How many films employ an Intimacy Coordinator?

12 February '24 3 Comments on How many films employ an Intimacy Coordinator?

The film industry is pretty slow to change and usually opts to do whatever it was doing last year rather than embrace change. This is never more true than in the area of employment and the roles on-set.

However, two types of roles which have popped into being almost overnight are the intrepid staff of “The Covid Department” and Intimacy Coordinators. While the former are a dying breed, the latter are going from strength to strength.

I wanted to get a handle on just how prevalent Intimacy Coordinators were in modern moviemaking, so I turned to the data. I studied 385,723 live-action fiction movies made worldwide and honed in on the credits linked to the work of intimacy professionals.

As a quick primer, an Intimacy Coordinator is a professional advocate responsible for choreographing and overseeing scenes of intimacy in film and theatre, ensuring the well-being, safety, and consent of the actors involved.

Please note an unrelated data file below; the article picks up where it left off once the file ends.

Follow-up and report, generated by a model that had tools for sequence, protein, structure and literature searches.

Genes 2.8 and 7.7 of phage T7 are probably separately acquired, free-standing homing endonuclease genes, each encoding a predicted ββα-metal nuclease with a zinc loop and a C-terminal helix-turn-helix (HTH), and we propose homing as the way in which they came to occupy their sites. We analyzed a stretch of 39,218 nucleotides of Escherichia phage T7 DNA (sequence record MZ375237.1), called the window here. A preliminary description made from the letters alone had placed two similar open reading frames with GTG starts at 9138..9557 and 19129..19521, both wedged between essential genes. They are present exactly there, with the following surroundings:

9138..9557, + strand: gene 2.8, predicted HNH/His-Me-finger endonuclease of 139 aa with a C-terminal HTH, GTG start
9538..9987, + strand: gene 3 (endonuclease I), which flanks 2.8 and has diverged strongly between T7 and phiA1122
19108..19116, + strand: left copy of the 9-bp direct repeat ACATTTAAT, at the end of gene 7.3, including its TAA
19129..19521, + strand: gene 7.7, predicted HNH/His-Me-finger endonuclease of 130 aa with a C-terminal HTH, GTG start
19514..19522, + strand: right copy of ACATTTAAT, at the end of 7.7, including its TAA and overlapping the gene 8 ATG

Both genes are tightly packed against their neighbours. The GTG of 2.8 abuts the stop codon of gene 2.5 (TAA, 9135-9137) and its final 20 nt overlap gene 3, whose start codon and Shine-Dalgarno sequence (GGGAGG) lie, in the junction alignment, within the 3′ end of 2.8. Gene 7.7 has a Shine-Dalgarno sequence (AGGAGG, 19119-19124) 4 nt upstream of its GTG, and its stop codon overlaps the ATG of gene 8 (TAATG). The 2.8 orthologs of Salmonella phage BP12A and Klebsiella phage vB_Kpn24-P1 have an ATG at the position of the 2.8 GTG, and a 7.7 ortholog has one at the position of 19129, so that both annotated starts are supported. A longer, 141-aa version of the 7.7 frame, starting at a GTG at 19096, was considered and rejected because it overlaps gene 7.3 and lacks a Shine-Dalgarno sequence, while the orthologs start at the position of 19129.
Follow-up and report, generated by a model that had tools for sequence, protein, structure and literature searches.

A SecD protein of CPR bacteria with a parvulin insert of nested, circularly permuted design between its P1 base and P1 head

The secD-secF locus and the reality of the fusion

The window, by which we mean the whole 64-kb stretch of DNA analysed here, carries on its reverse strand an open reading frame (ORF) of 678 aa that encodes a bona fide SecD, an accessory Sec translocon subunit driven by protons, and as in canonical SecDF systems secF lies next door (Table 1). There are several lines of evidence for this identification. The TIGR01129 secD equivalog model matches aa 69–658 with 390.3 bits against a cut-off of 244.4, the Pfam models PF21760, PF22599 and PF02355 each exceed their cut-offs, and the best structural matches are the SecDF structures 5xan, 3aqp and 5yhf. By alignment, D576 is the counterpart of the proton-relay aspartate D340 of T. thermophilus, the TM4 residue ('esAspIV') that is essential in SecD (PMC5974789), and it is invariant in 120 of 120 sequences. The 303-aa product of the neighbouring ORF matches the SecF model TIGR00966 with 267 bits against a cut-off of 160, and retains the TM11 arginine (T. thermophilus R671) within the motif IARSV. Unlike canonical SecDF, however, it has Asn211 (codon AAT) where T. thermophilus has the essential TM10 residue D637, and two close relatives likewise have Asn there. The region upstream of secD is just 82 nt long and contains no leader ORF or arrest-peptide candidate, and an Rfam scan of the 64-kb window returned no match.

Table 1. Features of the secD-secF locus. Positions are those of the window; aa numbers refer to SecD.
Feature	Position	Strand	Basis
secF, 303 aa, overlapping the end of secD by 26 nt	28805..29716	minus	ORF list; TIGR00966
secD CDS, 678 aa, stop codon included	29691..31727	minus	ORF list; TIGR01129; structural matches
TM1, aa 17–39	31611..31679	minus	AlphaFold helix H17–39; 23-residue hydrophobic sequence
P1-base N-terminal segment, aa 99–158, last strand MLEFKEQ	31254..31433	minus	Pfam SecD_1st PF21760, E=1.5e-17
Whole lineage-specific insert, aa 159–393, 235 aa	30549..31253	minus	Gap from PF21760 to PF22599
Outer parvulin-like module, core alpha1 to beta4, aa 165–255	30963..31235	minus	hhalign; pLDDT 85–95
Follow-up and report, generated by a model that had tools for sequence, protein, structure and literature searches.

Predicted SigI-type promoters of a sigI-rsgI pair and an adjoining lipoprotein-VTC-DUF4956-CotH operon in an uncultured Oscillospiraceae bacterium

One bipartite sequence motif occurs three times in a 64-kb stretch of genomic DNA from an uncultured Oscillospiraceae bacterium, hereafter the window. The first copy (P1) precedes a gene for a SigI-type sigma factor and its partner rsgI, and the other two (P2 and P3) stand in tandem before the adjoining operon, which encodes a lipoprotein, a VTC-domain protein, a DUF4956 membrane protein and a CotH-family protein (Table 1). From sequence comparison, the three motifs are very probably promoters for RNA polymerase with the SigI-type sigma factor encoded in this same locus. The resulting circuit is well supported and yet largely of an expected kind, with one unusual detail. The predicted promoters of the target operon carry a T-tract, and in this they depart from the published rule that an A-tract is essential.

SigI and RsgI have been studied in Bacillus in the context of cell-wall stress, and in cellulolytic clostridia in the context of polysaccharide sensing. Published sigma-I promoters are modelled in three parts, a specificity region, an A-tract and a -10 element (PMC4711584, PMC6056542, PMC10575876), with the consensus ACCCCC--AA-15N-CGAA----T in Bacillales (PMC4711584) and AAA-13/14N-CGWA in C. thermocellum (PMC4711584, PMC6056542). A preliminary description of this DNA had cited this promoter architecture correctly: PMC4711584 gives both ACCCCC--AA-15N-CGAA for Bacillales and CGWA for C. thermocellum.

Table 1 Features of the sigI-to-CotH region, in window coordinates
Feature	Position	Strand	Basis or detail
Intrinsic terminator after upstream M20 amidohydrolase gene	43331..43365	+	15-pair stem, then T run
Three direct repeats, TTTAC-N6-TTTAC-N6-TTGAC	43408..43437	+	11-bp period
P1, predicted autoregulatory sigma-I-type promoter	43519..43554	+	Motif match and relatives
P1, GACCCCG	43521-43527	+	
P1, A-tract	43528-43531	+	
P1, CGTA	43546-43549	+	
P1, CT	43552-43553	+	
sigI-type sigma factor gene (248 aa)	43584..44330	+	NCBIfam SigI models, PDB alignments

How many films hire an Intimacy Coordinator?

Prior to 2020, almost no Intimacy Coordinators were credited on movies. The closest we got were roles which were nominally focused on the appearance or creation of intimate moments on-screen but from a very different paradigm. These included:

As a minor aside, I strongly recommend reading more about the last person on that list – Eva Norvind. Daughter of a Russian prince and Finnish sculptor, she was a film director, Playboy bunny, academic, photographer, dominatrix, actress and forensic psychologist. She was thrown out of Mexico with only 24 hours’ notice, spoke eight languages, worked under three aliases, and coached Renne Russo on how to dial up her sexuality in The Thomas Crown Affair (1999).

Beyond just learning about a fascinating person, Eva’s case does highlight one limitation of studying credits. Her credit on The Thomas Crown Affair was a rather bland “technical consultant“. Spot-checking trivia on other films, I found another case of what we might call a proto-Intimacy Coordinator being credited as a “technical advisor“, namely Susie Bright on Bound (1996). We can’t know how many other people performed the role, but they are hidden from us due to opaque crediting.